R (Kay) v Scan-Thors (UK) Ltd and Others [2018] 6 Costs LR 1317: Costs of private prosecution brought in the magistrates’ court: award on the indemnity basis following failure to comply with the duty of candour and engaging in unreasonable conduct in prosecuting the litigation.

Ogiehor v Belinfantie [2018] 6 Costs LR 1329: Wasted costs order: whether justified to make an unless order for payment where litigant-in-person has disclosed to the court details of a settlement offer made under Part 36.

RJ and Another v HB [2018] 6 Costs LR 1347: Appropriate order to make on setting aside in part an arbitration award made under s 68 of the Arbitration Act 1996: whether summary or detailed assessment: interim payment.

Rotam Agrochemical Company Ltd and Another v GAT Microencapsulation GMBH [2018] 6 Costs LR 1365: Trial costs: factors to apply in deciding which party had been successful at trial where the damages awarded amounted to 2% of the value of the claim: percentage reduction to take into account conduct and those matters which had been lost.

Warren v Hill Dickinson LLP [2018] 6 Costs LR 1377: Conditional fee agreements: whether capable of being assigned and enforceable; whether “success” achieved; permission to appeal.

NJL v PTE [2018] 6 Costs LR 1389: Conditional fee agreements: success fees to be allowed where an admission of liability has been made before CFA entered into, to take into account the Part 36 risks.

Costs and Fees Encyclopaedia updating

The Ecclesiastical Judges, Legal Officers and Others (Fees) Order 2018 (SI 2018/900) revokes and replaces the 2017 Order with effect from 1 January 2019. Updated pages are now available for printing out and adding to your Costs and Fees Encyclopaedia: Pages 266-273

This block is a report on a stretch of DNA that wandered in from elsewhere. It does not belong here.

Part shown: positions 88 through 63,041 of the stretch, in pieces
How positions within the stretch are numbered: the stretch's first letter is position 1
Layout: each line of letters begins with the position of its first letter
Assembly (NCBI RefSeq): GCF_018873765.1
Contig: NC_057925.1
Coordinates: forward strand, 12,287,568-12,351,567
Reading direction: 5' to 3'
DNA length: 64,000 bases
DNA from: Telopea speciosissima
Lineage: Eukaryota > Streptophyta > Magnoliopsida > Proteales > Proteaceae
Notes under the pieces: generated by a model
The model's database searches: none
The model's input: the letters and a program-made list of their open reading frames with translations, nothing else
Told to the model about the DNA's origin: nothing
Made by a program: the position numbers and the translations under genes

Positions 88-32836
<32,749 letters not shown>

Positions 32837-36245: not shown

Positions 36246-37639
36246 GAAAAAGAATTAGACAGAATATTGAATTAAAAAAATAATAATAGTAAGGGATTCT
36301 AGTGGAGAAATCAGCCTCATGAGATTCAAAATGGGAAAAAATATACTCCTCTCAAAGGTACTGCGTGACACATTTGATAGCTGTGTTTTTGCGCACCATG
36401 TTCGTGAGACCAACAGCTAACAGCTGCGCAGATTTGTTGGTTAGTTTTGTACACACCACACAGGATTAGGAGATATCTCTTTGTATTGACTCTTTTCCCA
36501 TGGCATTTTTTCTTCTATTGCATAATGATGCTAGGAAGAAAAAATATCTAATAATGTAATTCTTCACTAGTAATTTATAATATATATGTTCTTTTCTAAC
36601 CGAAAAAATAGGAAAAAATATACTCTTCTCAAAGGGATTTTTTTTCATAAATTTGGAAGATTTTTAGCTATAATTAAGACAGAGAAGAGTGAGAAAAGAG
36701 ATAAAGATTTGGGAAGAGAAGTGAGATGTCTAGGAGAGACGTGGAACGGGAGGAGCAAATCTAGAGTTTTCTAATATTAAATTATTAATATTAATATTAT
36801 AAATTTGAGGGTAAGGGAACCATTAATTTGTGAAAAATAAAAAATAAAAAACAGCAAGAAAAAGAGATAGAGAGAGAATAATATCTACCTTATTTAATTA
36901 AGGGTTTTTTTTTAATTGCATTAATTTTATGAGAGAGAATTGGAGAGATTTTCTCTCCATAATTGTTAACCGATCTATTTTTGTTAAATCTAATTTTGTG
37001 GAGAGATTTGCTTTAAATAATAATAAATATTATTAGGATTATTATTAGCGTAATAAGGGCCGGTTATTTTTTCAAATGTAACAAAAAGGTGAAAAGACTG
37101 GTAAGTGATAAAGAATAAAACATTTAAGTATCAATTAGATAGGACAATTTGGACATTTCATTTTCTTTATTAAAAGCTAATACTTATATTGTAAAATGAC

Other recent cases

Griffin v Higgs and Others [2018] 5 Costs LR 1061: Appropriate costs order in proceedings involving the costs of executors and trustees: whether such costs should be payable out of the deceased’s estate.

Hosking and Another v Apax Partners LLP and Others [2018] 5 Costs LR 1125: Discontinuance under CPR Part 38 four days into a six week trial: whether costs should be paid on the standard or indemnity basis: level of interim payment under CPR 44.2(8).

Macrae v Herefordshire Council [2018] 6 Costs LO 695: Proportionality under the test in Lownds v Home Office: whether leading counsel’s fees in the Court of Appeal, which had been reasonably incurred, had also been necessarily incurred.

Nicholls v Nicholls [2018] 6 Costs LO 705: Costs of proceedings involving the administration of an estate under CPR 46.3: whether payable out of the estate and the consequences of the claimant’s unwillingness to engage in mediation.

JP Finnegan v Spiers t/a Frank Spiers Licensed Conveyancers [2018] 6 Costs LO 729: Part 36 offers: whether a payment on account of the receiving party’s costs can be ordered under the rule following acceptance of the paying party’s offer.

Bentley Design Consultants Ltd v Sansom [2018] 6 Costs LO 743: Part 36: factors to apply in deciding the extent to which an acceptance of a Part 36 offer covered the whole of the claim or merely part of it.

Lewis Thermal Ltd v Cleveland Cable Company Ltd [2018] 6 Costs LO 759: Security for costs under CPR 25: variation of order to provide for security to be given by a Deed of Indemnity from an ATE insurer.

BMCE Bank International plc v Phoenix Commodities Pvt Ltd and Another [2018] 6 Costs LO 767: Costs budgeting: failure to file a budget in compliance with CPR 3.13; budget treated as comprising only applicable court fees under CPR 3.14; relief from sanctions CPR 3.9.

R (Khan) v Director of Legal Aid Casework [2018] 6 Costs LO 799: Power of the Director of Legal Aid to make a determination under the Criminal Legal Aid (Contribution Orders) Regulations 2013 requiring a defendant to make a capital contributions order payable out of disposable specified capital.

Britned Development Ltd v ABB AB and Another [2018] 6 Costs LO 807: Part 36: costs consequences following the withdrawal of a Part 36 offer where subsequently a party had failed to beat that offer at trial.